Before the terms Goth Rock, Death Rock or Horror Punk were popular, 45 Grave were spreading their eerie horror-movie-punk sounds around the scene. Based in Southern California, their heyday was 1979-1985 and I remember seeing them countless times, always thinking they were going to “make it big” due to their theatrical, larger-than-life stage show. This was not common in the stripped-down, DIY punk scene. While I had more of an affinity with the sociopolitical side of punk, teenage Bill couldn’t resist Dinah Cancer covered in blood with smeared makeup, fishnet stockings and black leather. What teenage boy could? Other bands had a similarly dark, theatrical approach to punk rock (Bauhaus, Siousxie And The Banshees, etc.), but 45 Grave took it to the next level (6 feet under). I never imagined that this strange sub-genre of punk rock would have the impact it has, flourishing and thriving for almost three decades. Read the rest of this entry »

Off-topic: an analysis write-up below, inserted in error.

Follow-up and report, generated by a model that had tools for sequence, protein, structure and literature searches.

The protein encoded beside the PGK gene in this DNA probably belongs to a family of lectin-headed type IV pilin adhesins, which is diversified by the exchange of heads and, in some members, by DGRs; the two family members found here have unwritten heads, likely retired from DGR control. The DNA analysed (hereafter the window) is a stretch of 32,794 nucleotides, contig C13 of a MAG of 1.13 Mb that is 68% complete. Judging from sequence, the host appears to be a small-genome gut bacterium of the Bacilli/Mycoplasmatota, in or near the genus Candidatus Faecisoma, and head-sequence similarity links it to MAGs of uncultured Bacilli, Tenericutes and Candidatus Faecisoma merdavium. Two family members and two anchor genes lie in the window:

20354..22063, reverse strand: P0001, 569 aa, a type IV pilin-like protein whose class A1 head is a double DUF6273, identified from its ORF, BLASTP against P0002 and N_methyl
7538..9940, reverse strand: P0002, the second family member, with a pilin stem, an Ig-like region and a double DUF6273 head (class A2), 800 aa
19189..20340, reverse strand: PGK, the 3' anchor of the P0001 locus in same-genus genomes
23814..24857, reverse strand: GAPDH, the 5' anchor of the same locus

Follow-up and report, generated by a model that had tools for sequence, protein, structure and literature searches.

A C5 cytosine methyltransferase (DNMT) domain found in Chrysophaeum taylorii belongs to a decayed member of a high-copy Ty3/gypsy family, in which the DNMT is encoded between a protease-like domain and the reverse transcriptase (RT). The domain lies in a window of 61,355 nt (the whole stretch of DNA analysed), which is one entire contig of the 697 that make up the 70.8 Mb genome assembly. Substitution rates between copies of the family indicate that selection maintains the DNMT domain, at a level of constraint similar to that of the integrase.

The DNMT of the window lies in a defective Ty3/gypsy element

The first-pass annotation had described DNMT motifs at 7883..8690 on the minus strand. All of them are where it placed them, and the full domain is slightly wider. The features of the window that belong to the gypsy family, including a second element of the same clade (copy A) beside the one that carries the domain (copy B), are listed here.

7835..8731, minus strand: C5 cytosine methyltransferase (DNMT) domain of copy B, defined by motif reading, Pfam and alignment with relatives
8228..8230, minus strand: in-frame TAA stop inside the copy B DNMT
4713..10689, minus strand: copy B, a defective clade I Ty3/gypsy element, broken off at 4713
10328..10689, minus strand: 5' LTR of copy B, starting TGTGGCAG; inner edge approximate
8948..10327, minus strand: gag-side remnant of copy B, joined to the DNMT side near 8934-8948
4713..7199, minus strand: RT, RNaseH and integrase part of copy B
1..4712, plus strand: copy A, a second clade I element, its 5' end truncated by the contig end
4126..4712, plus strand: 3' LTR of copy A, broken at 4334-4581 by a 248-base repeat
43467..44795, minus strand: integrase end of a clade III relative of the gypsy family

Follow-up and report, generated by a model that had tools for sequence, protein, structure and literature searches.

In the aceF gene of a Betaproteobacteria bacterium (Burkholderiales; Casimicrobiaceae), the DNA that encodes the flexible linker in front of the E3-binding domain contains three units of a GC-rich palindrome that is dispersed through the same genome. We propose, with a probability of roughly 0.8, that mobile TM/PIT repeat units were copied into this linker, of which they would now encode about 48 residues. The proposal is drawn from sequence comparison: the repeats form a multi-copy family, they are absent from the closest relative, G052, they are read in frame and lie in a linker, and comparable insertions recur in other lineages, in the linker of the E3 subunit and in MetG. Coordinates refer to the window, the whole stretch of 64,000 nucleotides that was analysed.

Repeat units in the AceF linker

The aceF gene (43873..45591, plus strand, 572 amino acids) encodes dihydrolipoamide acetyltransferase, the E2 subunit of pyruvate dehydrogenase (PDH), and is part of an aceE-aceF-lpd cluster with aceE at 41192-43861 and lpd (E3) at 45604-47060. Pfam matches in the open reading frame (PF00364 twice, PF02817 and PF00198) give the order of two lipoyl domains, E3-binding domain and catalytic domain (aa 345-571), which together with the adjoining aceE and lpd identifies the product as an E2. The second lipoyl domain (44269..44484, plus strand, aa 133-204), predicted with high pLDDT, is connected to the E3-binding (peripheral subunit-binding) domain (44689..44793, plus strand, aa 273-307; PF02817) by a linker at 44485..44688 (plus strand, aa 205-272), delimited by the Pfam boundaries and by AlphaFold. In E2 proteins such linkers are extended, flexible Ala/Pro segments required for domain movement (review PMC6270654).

Tag Archives: Bauhaus
A hundred and twenty nine years ago, the man that would always be associated with the role of Count Dracula, Béla Ferenc Dezső Blaskó was born. We know him better as Bela Lugosi and he first played the role in the 1927 Broadway production of Bram Stoker’s novel. But Lugosi is probably best known for his portrayal in the 1931 Universal Studios cinematic version of Dracula. His naturally, heavily accented voice and creepy smile would for ever more be associated with the character of Count Dracula and the role would, unfortunately, typecast Lugosi into the role of a horror villain for the remainder of his career.
His later work with B-movie legend Ed Wood was well documented in Tim Burton’s 1994 biopic about the director. Wood was a huge fan of Lugosi’s and would give him star billing in such films as Glen or Glenda and Plan 9 from Outer Space but by the time Lugosi made Wood’s association he was a Demerol addict and living in near-poverty. Read the rest of this entry »